Using data from google earth, I've gathered the data for and manually entered 137 schools, colleges, universities, churches, hotels, lodges, and major locations like the airport and primary post office. The database's structure allows for multiple names to refer to the same location, so for example "X Primary School" may be referred to as "X School", "X Primary", and whatever other unambiguous pseudonyms that I could think of.

Of course, we end up with the problem that some locations may have names I don't know about, or spellings or whatever. Initially I'm expecting a lot of recognition failures, and the plan is to use these to learn over time. The data we collect in this regard will be quite valuable.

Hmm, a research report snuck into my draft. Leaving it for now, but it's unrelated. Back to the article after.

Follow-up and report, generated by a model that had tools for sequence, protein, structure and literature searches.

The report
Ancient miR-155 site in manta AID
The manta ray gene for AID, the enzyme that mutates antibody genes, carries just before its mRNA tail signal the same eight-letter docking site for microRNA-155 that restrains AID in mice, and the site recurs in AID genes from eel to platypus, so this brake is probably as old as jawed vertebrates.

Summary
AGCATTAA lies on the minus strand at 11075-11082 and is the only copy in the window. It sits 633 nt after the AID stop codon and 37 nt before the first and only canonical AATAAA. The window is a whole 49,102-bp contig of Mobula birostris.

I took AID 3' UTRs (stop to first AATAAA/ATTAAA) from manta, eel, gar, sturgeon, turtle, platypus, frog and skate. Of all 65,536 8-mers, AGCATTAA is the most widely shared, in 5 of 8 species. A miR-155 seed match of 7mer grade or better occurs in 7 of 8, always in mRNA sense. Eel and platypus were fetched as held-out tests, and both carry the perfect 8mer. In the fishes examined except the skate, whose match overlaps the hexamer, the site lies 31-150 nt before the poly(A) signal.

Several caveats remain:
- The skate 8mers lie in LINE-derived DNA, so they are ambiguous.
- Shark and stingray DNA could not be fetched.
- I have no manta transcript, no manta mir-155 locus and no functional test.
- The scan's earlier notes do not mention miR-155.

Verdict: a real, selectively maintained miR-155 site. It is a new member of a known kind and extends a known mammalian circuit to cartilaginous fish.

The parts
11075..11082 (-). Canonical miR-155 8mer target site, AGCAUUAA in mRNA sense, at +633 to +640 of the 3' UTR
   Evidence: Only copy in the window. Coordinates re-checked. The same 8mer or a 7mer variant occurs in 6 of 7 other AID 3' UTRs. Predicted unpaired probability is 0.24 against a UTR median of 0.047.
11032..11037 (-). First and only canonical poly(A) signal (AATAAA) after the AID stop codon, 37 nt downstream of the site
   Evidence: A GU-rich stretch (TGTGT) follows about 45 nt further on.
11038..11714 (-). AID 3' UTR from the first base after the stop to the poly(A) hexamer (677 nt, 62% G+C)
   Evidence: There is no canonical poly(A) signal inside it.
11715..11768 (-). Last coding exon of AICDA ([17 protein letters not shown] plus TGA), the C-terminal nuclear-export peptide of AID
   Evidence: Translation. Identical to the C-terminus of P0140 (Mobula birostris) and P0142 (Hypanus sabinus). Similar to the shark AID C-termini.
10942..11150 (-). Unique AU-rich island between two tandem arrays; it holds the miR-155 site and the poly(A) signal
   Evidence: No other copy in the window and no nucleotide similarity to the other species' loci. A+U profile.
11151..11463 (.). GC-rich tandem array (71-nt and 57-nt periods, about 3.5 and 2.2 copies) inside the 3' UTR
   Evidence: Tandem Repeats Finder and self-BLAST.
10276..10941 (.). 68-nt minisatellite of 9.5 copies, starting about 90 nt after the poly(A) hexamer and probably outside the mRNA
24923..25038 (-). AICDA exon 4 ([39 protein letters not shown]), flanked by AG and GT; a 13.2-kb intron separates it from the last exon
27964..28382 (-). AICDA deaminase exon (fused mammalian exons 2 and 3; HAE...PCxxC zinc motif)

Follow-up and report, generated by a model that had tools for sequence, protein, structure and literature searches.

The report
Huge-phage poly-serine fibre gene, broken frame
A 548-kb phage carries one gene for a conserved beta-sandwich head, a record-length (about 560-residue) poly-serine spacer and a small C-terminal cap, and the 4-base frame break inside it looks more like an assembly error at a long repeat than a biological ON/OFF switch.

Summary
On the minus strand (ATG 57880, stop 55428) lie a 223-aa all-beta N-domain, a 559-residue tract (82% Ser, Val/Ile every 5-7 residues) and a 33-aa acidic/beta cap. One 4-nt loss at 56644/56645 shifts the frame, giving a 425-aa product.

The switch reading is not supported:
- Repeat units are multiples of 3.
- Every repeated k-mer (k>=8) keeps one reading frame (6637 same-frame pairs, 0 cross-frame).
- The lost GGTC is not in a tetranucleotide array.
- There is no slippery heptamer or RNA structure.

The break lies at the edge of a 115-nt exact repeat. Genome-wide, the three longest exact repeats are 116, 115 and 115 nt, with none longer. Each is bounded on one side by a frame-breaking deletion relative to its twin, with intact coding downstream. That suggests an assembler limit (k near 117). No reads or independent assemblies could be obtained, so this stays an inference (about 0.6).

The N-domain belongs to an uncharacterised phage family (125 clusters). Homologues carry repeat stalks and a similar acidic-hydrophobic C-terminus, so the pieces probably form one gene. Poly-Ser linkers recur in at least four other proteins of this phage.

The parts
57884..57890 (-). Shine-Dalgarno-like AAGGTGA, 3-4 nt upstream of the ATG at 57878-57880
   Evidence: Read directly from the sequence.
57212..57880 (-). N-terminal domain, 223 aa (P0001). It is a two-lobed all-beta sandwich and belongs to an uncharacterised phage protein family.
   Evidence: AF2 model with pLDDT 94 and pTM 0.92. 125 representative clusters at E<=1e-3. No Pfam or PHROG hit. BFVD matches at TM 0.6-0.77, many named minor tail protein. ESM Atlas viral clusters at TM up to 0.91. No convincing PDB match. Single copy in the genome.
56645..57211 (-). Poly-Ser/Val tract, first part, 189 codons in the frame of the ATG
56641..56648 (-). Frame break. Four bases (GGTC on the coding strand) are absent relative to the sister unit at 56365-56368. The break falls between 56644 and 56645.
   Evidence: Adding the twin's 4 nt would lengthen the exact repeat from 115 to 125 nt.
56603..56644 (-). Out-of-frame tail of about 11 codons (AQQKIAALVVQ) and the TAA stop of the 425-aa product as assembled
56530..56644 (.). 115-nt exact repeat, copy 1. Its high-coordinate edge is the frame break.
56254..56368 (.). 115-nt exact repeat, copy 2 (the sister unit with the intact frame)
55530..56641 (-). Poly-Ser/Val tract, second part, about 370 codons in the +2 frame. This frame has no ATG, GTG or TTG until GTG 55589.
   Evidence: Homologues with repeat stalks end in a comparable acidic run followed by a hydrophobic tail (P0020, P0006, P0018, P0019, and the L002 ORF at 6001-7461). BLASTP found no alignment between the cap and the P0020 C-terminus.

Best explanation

Saturday, June 25, 2011

Update: 6/25

Top priority, as I mentioned, is getting the program as bug-free and stable as possible before the team leaves for Ghana. The first step was to finalize a flowchart, based on the discussions yesterday. The new version assumes that the user is in the Kumasi Metropolitan district.
Working on implementing those changes today, after which I will be probably spending the rest of the weekend creating a simple form and database on the website that will allow for submission of provider locations and landmarks (both of which will need to be subject to manual verification before being added to the primary database). After that is the backup system, the "follow-up system" (the part which asks for some brief quality check after the session is completed), the web system which will allow people who prefer not to text to go online instead and access information there, and to manually input some starting landmark data: hospitals, schools, churches, etc.